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  1.    #1  
    I'm running the 64-bit version of Ubuntu Linux 10.04 and can't get novacom to install. When I try to run the .deb file, it tells me my architecture is unsupported. What do I have to do to get it to link up with my 32-bit libraries and install? I don't want to have to boot to windows just to use WOSQI
  2. #2  
    Usually, when you have problem installing novacomd, you can also get it from webosQI. Since you don't have either one, I would suggest typing in novacom download, and see what happen.
  3.    #3  
    That's actually how i got to where I am. When I attempt installation from WOSQI, it tells me that novacom must be downloaded, I say yes, it downloads, and then when I run it I get the error.
  4. #4  
    If a black screen comes up saying anything about removing ignore it. Novacomd is now installed on your PC.

    Make sure you also have the latest java running. 1.6 or greater.

    Your pre is in dev mode.. Webos20090606.
  5. #5  
    google novacom drivers for x64 linux. Palm has them on their dev site somewhere, they shouldn't be too hard to find.
  6.    #6  
    *d'oh*

    I googled all kinds of "install i386 novacom on x64 linux" and variations earlier with no luck, but didn't have the good sense to just look for "novacom driver x64 linux". So, here's the link:

    Installing the SDK on Ubuntu
  7. #7  
    I always think that using windows XP, regardless of how old it might be... Work beautiful in getting these application(s) to work.
  8. #8  
    Quote Originally Posted by RL View Post
    I always think that using windows XP, regardless of how old it might be... Work beautiful in getting these application(s) to work.
    I cant think of a single thing that windows does better than my Linux box... but I could sit down over a beer and tell you about what Linux does better than windows for hours.

    Windows is a turd... has pretty much always been a turd... now they are simply trying to wrap it in more flashy paper. I agree that it has its place... there are a lot of people out there that aren't tech savvy enough to set a Linux box up, but those same people would be absolutely lost if they had to do a fresh install of windows or mac from scratch, without all the drivers installed and everything else. I can tell you... building a windows box is a 2 day adventure of frustration... building a Linux box is usually a few hours, a pizza, and a good movie.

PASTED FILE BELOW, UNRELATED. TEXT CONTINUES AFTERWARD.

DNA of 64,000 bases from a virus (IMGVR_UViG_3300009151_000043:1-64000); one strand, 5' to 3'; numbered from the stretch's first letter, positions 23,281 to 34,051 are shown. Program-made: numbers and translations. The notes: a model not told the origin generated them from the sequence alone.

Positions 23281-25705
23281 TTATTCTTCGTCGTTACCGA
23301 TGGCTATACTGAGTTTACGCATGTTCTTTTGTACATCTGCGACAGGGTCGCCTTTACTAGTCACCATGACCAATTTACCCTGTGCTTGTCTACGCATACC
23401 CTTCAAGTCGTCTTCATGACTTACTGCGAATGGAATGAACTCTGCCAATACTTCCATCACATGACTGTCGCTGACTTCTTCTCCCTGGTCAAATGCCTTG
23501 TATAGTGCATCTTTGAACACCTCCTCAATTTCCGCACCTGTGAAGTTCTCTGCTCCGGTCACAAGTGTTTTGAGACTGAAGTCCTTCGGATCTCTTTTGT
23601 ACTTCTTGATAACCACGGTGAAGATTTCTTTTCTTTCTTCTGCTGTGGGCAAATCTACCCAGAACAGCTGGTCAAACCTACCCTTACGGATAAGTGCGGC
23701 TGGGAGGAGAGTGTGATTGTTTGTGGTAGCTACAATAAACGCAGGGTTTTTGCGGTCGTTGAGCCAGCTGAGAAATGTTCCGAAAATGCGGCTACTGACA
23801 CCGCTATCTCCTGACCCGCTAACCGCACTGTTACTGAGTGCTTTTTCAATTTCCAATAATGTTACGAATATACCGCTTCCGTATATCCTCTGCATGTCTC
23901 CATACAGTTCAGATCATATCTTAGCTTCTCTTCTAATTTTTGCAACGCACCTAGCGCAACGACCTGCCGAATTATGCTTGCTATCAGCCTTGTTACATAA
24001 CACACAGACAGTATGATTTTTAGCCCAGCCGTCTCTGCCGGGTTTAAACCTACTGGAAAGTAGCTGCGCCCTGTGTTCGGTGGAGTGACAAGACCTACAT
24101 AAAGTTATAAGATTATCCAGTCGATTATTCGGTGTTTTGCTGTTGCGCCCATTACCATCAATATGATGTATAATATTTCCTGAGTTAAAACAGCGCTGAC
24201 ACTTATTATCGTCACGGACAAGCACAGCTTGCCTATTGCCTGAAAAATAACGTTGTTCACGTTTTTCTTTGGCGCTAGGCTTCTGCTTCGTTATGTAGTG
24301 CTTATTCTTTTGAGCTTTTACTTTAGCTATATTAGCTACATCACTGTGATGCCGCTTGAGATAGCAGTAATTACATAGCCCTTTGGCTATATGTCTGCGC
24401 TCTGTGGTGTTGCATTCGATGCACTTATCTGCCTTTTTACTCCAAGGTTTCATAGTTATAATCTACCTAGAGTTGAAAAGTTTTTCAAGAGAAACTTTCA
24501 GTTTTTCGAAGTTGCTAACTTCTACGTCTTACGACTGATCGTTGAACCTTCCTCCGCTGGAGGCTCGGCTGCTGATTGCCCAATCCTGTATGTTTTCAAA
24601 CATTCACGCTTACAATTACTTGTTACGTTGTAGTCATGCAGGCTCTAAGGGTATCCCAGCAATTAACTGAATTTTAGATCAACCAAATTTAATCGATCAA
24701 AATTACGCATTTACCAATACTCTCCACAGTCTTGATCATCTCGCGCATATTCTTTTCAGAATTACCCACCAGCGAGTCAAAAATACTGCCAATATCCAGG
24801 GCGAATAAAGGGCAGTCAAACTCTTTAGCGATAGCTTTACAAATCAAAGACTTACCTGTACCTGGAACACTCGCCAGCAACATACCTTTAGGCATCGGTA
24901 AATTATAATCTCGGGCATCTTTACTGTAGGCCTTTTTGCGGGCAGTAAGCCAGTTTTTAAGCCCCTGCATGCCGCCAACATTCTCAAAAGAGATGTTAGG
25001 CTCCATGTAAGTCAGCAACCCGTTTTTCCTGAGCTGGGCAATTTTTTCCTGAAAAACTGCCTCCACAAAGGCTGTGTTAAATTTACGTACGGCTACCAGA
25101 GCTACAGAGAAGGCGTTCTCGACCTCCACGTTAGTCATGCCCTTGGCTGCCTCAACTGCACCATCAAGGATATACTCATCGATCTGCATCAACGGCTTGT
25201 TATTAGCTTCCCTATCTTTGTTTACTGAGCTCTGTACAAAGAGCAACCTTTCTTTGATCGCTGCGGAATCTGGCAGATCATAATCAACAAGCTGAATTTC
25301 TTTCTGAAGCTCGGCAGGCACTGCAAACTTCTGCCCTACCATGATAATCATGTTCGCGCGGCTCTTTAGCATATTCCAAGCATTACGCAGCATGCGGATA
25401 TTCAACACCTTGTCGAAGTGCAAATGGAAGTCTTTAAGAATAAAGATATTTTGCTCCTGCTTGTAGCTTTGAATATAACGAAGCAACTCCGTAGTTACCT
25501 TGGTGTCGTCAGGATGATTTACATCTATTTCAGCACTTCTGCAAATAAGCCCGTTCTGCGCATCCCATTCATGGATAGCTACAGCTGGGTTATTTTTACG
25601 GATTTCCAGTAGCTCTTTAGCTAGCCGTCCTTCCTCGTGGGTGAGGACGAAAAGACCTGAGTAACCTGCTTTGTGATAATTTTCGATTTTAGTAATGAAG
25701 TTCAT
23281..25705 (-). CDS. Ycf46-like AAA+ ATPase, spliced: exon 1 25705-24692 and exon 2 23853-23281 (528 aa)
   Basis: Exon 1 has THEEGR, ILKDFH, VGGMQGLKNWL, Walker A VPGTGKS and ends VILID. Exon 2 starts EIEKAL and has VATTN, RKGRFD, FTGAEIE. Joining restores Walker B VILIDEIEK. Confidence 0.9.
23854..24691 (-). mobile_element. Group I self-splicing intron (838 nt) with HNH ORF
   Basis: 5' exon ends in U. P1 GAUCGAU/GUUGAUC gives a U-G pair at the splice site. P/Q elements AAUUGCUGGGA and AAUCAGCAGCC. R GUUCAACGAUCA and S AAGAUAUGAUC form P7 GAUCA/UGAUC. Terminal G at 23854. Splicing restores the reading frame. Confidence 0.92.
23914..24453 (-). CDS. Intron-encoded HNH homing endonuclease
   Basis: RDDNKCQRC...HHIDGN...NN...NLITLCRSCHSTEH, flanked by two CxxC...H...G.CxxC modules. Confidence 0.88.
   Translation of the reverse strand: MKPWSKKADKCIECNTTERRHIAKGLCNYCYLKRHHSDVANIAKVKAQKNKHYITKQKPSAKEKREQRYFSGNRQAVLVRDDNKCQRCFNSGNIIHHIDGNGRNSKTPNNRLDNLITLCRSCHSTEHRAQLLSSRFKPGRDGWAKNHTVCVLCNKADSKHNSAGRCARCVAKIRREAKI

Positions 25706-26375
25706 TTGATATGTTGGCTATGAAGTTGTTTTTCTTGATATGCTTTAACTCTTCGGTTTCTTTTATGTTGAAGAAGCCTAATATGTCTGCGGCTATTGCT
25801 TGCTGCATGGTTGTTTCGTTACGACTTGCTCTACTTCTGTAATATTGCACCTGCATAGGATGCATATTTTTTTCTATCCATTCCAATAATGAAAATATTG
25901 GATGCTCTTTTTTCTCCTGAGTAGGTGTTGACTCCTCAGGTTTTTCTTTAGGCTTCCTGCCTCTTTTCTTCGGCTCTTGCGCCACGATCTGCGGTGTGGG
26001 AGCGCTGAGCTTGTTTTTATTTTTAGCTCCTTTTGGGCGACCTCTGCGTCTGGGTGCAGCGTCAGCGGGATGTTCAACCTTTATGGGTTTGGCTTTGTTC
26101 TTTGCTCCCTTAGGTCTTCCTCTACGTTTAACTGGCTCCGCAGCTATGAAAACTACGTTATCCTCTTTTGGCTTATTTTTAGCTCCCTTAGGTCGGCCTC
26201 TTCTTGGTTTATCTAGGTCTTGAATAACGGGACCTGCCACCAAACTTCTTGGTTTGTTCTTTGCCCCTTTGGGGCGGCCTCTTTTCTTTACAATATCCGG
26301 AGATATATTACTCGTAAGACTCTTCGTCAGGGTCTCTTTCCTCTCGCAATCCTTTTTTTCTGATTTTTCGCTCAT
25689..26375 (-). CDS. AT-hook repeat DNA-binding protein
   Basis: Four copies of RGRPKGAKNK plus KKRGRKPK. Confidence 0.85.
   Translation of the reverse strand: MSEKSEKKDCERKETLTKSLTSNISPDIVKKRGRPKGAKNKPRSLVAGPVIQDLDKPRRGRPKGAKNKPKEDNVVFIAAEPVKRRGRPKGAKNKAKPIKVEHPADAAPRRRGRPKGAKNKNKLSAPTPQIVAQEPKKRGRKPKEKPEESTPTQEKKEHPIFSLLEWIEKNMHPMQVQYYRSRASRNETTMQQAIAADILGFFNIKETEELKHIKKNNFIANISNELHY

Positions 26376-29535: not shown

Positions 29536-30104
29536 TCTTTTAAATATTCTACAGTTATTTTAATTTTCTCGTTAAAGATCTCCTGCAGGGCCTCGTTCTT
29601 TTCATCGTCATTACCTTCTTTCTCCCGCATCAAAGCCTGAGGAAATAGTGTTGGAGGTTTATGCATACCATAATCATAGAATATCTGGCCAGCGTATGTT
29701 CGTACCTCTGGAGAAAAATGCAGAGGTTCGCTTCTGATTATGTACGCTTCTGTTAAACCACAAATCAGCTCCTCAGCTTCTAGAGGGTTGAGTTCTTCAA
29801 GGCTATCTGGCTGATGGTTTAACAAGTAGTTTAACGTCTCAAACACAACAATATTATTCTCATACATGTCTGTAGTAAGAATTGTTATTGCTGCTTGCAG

That said... if you are lucky enough to have an oem disk from the computer manufacturer that puts all your drivers and everything out there for you, its not as bad... but its still a long a frustrating ordeal. You can buy a box with a linux distro optimized to it and have the same experience, only much more pleasant.

    Linux boots faster, uses fewer system resources, is much more modular and easy to fix when something breaks... its just... better. Give Ubuntu 10.04 a try and see for yourself... its certainly not everyones favorite distro, but its definitely windows user friendly... and where you normally have to fight with windows to get a peripheral to work, installing the drivers, getting windows to recognize them and communicate etc... Ubuntu will usually "just work" you dont normally have to install anything for most main stream peripherals, just plug it in and it works.
  9. #9  
    How do you like Ubuntu? I am looking to switch from Windows XP.
  10.    #10  
    Quote Originally Posted by Lucky33cw View Post
    How do you like Ubuntu? I am looking to switch from Windows XP.
    I like it a lot. It has its quirks that you have to get used to, but once you switch over, you'll notice waaaaaaaay more quirks in XP than you did before. I find myself quite frustrated now anytime I'm stuck using XP. Stick with a dual-boot to start with, or perhaps use Wubi before you clear out your XP partition completely.
  11. #11  
    I switched and haven't looked back since. The ONLY thing that is really a problem is no official iTunes support which blows if I have an iPod/iPhone, but I don't so no big deal. I love how it just does what you need/want and isn't full of crap like Windows.
  12. #12  
    That link is of course dead, but the info is on archive.org, so I updated it
    Quote Originally Posted by Bazirker View Post
    *d'oh*

    I googled all kinds of "install i386 novacom on x64 linux" and variations earlier with no luck, but didn't have the good sense to just look for "novacom driver x64 linux". So, here's the link:

    UPDATED:Installing the SDK on Ubuntu

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